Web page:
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Tax Rules for Independent Contractors

  Sanjiv Gupta CPA  Published 
Tax Rules for Independent Contractors

Are you clear about your employment status – whether you are an employee or an Independent Contractor (IC)? If you are not sure, then it is good that you check the IRS website to understand tax implications on these employment categories.

It is the duty of every citizen to pay taxes regularly no matter what the tax liability amount is. Of late, the IRS has been conducting a lot of scrutiny on Independent Contractors because it has been noted that in certain circumstances, employers are evading employment tax by classifying their employees as Independent Contractors.

Let us discuss more Independent Contractors, in the context of dental practices, to gain a better understanding of the employment classification mechanism. Independent Contractors are people who are self-employed. They are specialists in their area, own their own dental practice, perform their work duties from their premises, bring and purchase their work materials and supplies, work at their will, pay for their own staff, in case they employ people to work for them, and ultimately control the quality of their work or output that is to be delivered. Broadly speaking the ICs maintain a contract with the entity and not with the person providing the service. Hence, it is a contract between two entities. There is strictly no employer-employee relationship in this context.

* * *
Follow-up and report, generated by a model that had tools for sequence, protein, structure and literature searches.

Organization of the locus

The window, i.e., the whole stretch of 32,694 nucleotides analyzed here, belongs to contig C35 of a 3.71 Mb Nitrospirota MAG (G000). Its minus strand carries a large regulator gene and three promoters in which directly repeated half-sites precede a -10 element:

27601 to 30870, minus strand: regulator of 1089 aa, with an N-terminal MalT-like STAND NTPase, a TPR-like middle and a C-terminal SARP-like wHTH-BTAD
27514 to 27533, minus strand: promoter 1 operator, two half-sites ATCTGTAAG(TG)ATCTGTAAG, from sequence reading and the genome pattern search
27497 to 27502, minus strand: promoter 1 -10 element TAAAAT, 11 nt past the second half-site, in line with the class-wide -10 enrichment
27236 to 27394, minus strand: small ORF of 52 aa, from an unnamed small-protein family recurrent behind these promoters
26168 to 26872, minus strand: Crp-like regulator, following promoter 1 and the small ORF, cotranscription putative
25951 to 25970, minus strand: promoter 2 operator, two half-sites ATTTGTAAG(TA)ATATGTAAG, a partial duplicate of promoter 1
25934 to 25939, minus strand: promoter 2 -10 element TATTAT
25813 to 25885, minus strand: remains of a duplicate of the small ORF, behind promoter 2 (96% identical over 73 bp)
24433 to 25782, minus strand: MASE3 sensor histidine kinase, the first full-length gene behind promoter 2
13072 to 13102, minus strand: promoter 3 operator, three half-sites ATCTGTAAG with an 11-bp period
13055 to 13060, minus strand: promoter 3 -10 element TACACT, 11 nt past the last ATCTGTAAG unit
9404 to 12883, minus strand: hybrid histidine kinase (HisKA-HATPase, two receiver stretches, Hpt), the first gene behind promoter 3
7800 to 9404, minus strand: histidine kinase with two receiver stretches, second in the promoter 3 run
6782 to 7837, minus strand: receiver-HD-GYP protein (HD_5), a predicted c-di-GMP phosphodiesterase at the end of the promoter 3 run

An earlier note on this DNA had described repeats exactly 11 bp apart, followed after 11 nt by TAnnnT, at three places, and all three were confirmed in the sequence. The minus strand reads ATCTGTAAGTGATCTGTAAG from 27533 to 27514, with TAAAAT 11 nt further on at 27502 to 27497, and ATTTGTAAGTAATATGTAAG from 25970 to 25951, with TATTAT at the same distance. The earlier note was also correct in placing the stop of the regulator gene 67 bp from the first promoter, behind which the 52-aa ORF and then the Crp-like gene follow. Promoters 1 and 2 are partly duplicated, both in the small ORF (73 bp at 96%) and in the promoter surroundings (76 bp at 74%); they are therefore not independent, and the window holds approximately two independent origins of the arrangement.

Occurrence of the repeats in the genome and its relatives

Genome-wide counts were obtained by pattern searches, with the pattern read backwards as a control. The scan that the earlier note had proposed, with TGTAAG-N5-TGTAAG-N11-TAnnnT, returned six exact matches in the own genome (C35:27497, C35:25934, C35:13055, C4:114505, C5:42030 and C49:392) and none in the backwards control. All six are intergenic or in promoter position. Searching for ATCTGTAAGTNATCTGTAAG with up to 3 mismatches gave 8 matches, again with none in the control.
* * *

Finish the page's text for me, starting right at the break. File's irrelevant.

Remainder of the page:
An employee is one work for an owner, perform services as mandated by the owner, work during the hours fixed by the owner, adhere to output quality set by the owner, use the equipment and supplies of the owner to provide the designated service and ultimately is supervised by the owner throughout the job duration. A dental associate is a classic example of this category. An associate works for a specialist or an independent contractor and draws a monthly salary for offering services. There is a clear employer-employee relationship in this context.

Misrepresenting or misclassifying employees as ICs either intentionally or by ignorance is a serious offense and is punishable by law. IRS heavily penalizes owners who adopt such practices to evade taxes. Consequences for an owner who misclassifies employees are:

  1. Scrutiny of the employer’s social security and Medicare tax liability

  2. Scrutiny of Federal unemployment tax paid

  3. Penalties an interest in general and specifically on any employee benefit plans

There are a number of cases that fall under this category of misrepresentation. If the IRS detects the case to be an abuse of classification the owner could face grave consequences. On such example is the case of a stockbroker. All the stockbrokers of this small firm were where treated as independent contractors by the owner of the firm. When the IRS audited this brokerage firm, all the brokers had to prove that they were paying self-employment taxes and also had to provide a copy of their returns to ascertain that they were reporting their income accurately. Ultimately the brokerage firm was penalized hundreds of thousands of dollars on back payroll taxes and interest.

Since the results of an IRS audit could be grave, in case of malpractice or abuse of employee classification, it is best for businesses in their own interest to be transparent and straight forward in cases related to employee classification.